Monday, August 8, 2016

Ocean Acidification And Temperature Seriously Affects Key Oxygen Source

Rising water temperatures and acidification affect important plankton organism


First laboratory study reveals effects of 2 environmental factors on copepods

HELMHOLTZ CENTRE FOR OCEAN RESEARCH KIEL (GEOMAR)
Ocean acidification, rising temperatures, eutrophication and loss of oxygen: Life in the oceans has to cope with a variety of factors. How will plants and animals react when global climate change alters their environment? Laboratory and field experiments, observations at naturally extreme habitats and modelling approaches help researchers to evaluate the reactions of the ecosystem ocean.
Scientists of GEOMAR Helmholtz Centre for Ocean Research Kiel used so-called "indoor mesocosms" to mimic the future ocean in their laboratories: They transferred the natural plankton community from the Kiel Fjord into twelve 1400-liter tanks and brought them to two different temperatures and two different carbon dioxide concentrations. After a month, they examined the number and body size of various developmental stages of copepods as well as their content of fatty acids, which is crucial for the organisms' nutritional value. The up to one millimetre long crustaceans form about eighty per cent of the zooplankton and are an important food for fish and their larvae. The journal PLOS ONE published the results of the study, which was conducted as part of the German research network BIOACID (Biological Impacts of Ocean Acidification).
"Several experiments have demonstrated that the effects of various environmental factors on marine organisms either add up or attenuate each other. Because the body functions of organisms are altered differently by the combination of factors, it is very difficult to estimate the ultimate outcome", explains Dr. Jessica Garzke, marine biologist at GEOMAR and first-author of the publication. "For the copepods, we have shown that the negative impact of rising water temperatures is more significant than of ocean acidification. Ocean acidification can mitigate some reactions - for example, because the additional carbon dioxide that is dissolved in the seawater supports the growth of phytoplankton as food for the copepods. But in the end, these benefits are not strong enough to achieve a positive effect."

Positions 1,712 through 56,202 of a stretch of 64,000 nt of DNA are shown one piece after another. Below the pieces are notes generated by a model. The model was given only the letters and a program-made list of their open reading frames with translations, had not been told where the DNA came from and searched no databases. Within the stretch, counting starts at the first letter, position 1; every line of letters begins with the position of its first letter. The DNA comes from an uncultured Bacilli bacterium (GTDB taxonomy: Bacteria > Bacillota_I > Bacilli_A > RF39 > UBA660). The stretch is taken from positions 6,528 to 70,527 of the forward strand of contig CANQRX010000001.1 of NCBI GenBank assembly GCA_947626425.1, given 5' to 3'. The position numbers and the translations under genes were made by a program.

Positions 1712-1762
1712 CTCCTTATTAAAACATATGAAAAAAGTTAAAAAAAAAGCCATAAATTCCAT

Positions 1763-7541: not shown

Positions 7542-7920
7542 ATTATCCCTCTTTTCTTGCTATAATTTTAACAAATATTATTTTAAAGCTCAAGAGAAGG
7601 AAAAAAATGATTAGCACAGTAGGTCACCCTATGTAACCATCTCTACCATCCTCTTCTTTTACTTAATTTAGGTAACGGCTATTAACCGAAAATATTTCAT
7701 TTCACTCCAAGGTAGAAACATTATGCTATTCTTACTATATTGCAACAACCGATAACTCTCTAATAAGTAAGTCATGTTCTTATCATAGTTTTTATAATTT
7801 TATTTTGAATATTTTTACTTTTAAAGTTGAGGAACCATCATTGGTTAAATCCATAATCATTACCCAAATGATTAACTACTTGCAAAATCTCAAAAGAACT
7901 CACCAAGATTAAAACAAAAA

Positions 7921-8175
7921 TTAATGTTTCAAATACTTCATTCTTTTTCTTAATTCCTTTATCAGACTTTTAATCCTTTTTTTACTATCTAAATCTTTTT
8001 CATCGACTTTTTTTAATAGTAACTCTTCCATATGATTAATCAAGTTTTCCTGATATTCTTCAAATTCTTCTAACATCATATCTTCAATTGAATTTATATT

Fukushima Radiation: Your Days of Eating Pacific Ocean Fish Are Over, Or Worse…

Over 300 tons of contaminated water that contains radioactive iodone, cesium, and strontium-89 and 90, is flooding into the Pacific Ocean from the Fukushima Daichi site everyday. 


Radiation Station Sunshine Coast Australia



Fukushima Daiichi radioactive water problems seem ‘uncontainable’ 



Iraq families hit £150,000 target to sue Blair in just two weeks

Relatives of troops killed following the 2003 invasion said they were ‘delighted and amazed’ at the stunning speed of the public’s response. They want the former prime minister brought to justice.They believe Mr Blair misled Parliament to justify the war, which cost the lives of 179 UK servicemen and wome


We’re in a Low-Growth World. How Did We Get Here?




One central fact about the global economy lurks just beneath the year’s remarkable headlines: Economic growth in advanced nations has been weaker for longer than it has been in the lifetime of most people on earth.
The United States is adding jobs at a healthy clip, as a new report showed Friday, and the unemployment rate is relatively low. But that is happening despite a long-term trend of much lower growth, both in the United States and other advanced nations, than was evident for most of the post-World War II era.
This trend helps explain why incomes have risen so slowly since the turn of the century, especially for those who are not top earners. It is behind the cheap gasoline you put in the car and the ultralow interest rates you earn on your savings. It is crucial to understanding the rise of Donald J. Trump, Britain’s vote to leave the European Union, and the rise of populist movements across Europe.
This slow growth is not some new phenomenon, but rather the way it has been for 15 years and counting. In the United States, per-person gross domestic product rose by an average of 2.2 percent a year from 1947 through 2000 — but starting in 2001 has averaged only 0.9 percent. The economies of Western Europe and Japan have done worse than that.


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